She's the latest in a long line of "obsessions" of mine. I hear about an idea, a person, a painting or whatever, and I have to know all about it. It started when I was very young. The internet has been a godsend for helping me to get a quick fix! Over the years I've become quite an expert on such things as the sloth, Cro Magnons v Neanderthals, Imperial Topaz (not the nasty blue ones), Wilheim Reich, Rasputin, Paul Verlaine and Rimbaud and British bats.

Tuesday, January 30, 2007

British Airways: fast becoming the world's least favourite airline?

An empty terminal 4 at Heathrow spoke volumes today. British Airways was unexpectedly running a full service, having finally sorted out the industrial dispute with its cabin crew that should have been resolved weeks ago, but the passengers had shown their displeasure by offloading themselves onto other flights.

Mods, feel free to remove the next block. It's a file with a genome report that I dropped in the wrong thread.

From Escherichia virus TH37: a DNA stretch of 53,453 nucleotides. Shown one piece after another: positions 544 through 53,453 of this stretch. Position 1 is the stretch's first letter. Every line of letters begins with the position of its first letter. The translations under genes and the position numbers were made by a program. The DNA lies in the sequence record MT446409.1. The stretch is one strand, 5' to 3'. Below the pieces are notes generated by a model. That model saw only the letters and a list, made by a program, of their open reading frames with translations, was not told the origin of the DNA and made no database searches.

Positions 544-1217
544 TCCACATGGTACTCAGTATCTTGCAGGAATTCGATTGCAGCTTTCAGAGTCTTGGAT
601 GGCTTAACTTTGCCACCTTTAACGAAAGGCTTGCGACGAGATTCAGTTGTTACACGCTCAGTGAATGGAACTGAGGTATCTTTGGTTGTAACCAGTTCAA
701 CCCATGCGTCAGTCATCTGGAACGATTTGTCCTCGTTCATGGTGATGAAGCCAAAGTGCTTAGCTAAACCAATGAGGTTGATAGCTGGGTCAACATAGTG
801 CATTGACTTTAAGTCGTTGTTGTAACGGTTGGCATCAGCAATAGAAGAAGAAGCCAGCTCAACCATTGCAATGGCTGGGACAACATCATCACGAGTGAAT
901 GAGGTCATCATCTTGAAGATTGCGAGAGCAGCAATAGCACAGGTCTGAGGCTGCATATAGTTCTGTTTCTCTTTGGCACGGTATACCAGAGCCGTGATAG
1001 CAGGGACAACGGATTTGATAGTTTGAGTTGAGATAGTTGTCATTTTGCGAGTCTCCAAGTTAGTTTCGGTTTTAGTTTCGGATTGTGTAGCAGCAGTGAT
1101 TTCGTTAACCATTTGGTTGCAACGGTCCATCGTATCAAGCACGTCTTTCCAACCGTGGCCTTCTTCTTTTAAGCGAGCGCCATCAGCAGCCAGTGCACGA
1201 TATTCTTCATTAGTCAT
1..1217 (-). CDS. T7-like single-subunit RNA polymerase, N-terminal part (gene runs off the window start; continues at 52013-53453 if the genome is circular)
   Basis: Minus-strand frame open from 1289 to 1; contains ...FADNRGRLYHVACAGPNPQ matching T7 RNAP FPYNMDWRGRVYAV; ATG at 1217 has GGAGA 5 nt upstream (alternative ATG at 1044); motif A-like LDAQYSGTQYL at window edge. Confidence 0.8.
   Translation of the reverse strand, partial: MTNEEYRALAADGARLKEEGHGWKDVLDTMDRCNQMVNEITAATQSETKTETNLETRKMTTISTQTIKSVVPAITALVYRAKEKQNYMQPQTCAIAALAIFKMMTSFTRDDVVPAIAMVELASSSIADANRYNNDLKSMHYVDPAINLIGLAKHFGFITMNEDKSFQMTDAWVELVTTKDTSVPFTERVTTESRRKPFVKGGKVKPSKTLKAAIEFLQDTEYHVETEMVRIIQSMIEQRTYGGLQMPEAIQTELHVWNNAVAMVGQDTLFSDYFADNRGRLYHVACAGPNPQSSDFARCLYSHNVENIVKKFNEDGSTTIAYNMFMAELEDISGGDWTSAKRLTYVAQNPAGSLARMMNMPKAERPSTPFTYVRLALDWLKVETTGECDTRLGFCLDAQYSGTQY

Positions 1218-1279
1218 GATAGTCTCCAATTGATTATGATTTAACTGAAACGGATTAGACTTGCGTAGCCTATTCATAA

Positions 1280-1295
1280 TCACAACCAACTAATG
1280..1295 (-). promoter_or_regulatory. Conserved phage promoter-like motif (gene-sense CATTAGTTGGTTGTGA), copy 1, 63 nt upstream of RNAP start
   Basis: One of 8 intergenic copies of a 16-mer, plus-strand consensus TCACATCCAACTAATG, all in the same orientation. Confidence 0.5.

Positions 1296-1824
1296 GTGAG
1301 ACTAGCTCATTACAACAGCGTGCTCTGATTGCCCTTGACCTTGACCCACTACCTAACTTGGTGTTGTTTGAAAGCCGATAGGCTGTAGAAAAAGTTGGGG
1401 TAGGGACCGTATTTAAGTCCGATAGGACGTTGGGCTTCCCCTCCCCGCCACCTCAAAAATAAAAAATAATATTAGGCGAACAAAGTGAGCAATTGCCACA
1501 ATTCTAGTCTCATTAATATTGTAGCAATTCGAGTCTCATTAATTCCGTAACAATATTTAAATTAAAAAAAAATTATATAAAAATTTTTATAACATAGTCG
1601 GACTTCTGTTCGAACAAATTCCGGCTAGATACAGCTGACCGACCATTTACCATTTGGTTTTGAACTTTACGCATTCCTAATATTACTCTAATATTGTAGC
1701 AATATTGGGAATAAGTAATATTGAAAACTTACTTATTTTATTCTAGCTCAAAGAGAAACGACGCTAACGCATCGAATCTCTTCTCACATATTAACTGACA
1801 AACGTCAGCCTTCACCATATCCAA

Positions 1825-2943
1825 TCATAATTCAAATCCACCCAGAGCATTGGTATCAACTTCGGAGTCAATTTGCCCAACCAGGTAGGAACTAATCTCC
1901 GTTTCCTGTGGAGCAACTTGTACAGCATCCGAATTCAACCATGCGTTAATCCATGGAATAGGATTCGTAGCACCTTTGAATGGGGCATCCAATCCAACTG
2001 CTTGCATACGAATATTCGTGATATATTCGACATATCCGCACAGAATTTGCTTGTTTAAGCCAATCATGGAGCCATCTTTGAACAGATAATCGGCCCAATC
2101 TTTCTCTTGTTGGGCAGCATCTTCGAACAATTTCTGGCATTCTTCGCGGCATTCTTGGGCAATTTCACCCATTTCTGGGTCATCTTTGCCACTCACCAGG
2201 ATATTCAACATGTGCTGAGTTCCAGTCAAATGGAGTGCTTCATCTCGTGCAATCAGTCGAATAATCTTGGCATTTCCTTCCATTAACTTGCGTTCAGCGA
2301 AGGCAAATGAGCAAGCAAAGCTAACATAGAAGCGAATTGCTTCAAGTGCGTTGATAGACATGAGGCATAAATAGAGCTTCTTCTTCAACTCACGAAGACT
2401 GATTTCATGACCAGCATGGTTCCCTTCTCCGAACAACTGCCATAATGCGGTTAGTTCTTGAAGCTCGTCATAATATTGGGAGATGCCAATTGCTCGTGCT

And predictably BA wasn't going to reimburse people who had to pay for more expensive flights, or cover hire car or hotel cancellations.

This most incompetent and arrogant of airlines will soon be renamed the world's least favourite airline, particularly if its lucrative business passengers discover that actually the other airlines considerably outperform BA.

Both John and myself never choose to fly BA. I'm going to the US later this week on business, and I chose to travel on United. My second choice would have been Virgin.